Courses in Women's Studies (Division 497)

100. Women's Issues. Open to all undergraduates. (2). (Excl). Offered mandatory credit/no credit.

This course uses small group discussion and development of supportive group norms to enable students to explore selected topics in women's studies as they apply to their own lives and to contemporary social issues. The course work includes large and small group activities, theoretical presentations, regularly assigned readings, and written assignments. There is strong emphasis on developing analytic tools taking a critical stance with respect to one's experience, to social issues, and to the assigned readings. Topics include: socialization, work, family, race, ethnicity, class, sexuality, and current movements for change. Small groups meet in different campus locations, to be determined within each group.

220/Nursing 220. Perspectives in Women's Health. (3). (Excl).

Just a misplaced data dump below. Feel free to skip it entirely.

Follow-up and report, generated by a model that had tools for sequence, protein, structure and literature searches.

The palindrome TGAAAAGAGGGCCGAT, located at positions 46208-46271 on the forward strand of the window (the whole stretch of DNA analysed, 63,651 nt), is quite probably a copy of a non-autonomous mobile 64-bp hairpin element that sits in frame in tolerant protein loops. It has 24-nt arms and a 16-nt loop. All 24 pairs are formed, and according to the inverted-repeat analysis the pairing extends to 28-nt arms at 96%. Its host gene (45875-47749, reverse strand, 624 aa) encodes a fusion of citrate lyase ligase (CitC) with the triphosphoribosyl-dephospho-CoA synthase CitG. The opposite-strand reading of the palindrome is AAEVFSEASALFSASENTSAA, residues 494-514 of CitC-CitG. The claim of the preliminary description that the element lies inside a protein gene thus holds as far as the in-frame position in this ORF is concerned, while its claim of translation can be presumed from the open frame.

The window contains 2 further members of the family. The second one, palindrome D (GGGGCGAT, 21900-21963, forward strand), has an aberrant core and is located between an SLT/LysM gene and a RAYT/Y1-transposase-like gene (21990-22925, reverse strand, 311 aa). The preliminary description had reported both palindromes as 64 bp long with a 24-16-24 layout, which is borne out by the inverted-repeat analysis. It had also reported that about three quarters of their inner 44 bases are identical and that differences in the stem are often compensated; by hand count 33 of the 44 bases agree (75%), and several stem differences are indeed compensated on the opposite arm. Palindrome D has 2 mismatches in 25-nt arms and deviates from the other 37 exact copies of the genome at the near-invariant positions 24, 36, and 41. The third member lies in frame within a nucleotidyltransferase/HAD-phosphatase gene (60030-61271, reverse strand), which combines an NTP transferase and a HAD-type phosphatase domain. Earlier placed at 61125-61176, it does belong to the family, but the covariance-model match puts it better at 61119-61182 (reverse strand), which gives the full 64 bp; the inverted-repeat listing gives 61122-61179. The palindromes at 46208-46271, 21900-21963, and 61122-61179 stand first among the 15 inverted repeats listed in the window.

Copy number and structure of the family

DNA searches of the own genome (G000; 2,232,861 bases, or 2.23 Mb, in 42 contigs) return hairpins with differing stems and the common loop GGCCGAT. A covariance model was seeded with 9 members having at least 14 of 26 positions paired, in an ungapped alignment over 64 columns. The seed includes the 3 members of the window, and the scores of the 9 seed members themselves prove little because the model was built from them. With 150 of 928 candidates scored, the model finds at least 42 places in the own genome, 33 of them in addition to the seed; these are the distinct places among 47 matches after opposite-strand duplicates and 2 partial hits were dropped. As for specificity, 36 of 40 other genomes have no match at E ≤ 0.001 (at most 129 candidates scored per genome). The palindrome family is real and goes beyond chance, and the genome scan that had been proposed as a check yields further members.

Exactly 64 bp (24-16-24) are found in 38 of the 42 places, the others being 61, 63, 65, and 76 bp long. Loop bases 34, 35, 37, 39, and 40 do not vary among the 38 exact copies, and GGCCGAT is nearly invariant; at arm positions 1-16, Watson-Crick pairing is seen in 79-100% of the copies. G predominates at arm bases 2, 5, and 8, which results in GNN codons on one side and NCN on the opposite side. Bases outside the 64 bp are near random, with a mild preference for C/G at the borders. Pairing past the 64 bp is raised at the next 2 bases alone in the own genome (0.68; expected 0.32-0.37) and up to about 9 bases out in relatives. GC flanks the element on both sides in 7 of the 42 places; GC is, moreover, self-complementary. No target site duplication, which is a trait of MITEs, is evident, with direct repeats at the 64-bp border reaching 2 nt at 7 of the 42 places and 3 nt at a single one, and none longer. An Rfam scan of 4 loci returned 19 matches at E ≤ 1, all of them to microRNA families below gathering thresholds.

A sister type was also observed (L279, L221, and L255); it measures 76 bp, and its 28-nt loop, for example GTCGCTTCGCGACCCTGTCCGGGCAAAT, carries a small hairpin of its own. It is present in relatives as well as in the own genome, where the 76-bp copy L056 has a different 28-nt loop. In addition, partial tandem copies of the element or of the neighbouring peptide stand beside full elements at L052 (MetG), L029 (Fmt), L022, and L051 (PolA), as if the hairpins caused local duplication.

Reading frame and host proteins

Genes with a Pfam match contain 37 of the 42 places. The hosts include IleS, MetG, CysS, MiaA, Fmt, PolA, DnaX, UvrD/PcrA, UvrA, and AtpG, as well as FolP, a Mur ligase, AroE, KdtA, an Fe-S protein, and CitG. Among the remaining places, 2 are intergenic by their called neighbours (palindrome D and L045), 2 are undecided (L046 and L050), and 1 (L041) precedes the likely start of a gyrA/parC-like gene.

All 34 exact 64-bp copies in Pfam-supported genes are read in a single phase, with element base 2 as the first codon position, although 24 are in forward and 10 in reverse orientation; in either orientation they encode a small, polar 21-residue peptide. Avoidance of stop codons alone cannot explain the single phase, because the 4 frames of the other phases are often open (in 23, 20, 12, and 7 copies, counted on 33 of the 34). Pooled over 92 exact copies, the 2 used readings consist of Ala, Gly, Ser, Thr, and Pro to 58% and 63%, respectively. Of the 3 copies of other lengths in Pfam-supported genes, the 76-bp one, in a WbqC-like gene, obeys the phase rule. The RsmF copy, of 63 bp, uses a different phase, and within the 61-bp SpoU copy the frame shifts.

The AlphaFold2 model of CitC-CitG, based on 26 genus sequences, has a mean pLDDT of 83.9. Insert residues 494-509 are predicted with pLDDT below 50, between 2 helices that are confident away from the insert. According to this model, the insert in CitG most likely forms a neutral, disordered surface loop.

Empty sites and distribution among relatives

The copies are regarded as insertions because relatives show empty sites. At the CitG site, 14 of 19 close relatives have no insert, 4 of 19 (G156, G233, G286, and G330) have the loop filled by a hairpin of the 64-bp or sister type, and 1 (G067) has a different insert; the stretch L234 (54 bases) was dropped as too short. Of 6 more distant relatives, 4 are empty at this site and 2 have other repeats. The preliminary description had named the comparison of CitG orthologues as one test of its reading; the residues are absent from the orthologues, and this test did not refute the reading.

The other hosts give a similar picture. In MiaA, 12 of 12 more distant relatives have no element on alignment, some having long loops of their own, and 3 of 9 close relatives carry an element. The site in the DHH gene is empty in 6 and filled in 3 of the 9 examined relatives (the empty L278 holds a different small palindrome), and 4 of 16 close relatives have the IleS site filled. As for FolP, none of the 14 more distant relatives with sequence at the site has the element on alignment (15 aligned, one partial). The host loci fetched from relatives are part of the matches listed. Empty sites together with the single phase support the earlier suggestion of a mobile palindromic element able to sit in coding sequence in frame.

This course will examine women's health issues, across the lifespan, from feminist and sociocultural perspectives. It will explore the social construction of women's sexuality, reproductive options, health care alternatives, and risks for physical and mental illness. Attention will be paid to historical, economic, and cultural factor which influence the physical and psychological well-being of women. In addition, it is hoped that students will gain greater knowledge about the physiology of women's bodies and an enhanced sensitivity to issues confronting women in dealing with health care institutions. Topics will include: menstruation, contraception, abortion, pregnancy, child birth, breastfeeding, AIDS and other sexually transmitted diseases, eating disorders, depression, cancer, menopause, sexual assault and domestic violence. The class is open to all students. Both those from non-health related fields and health-related fields are encouraged to enroll. (Gold-Steinberg)

240/Amer. Cult. 240. Introduction to Women's Studies. Open to all undergraduates. (4). (HU).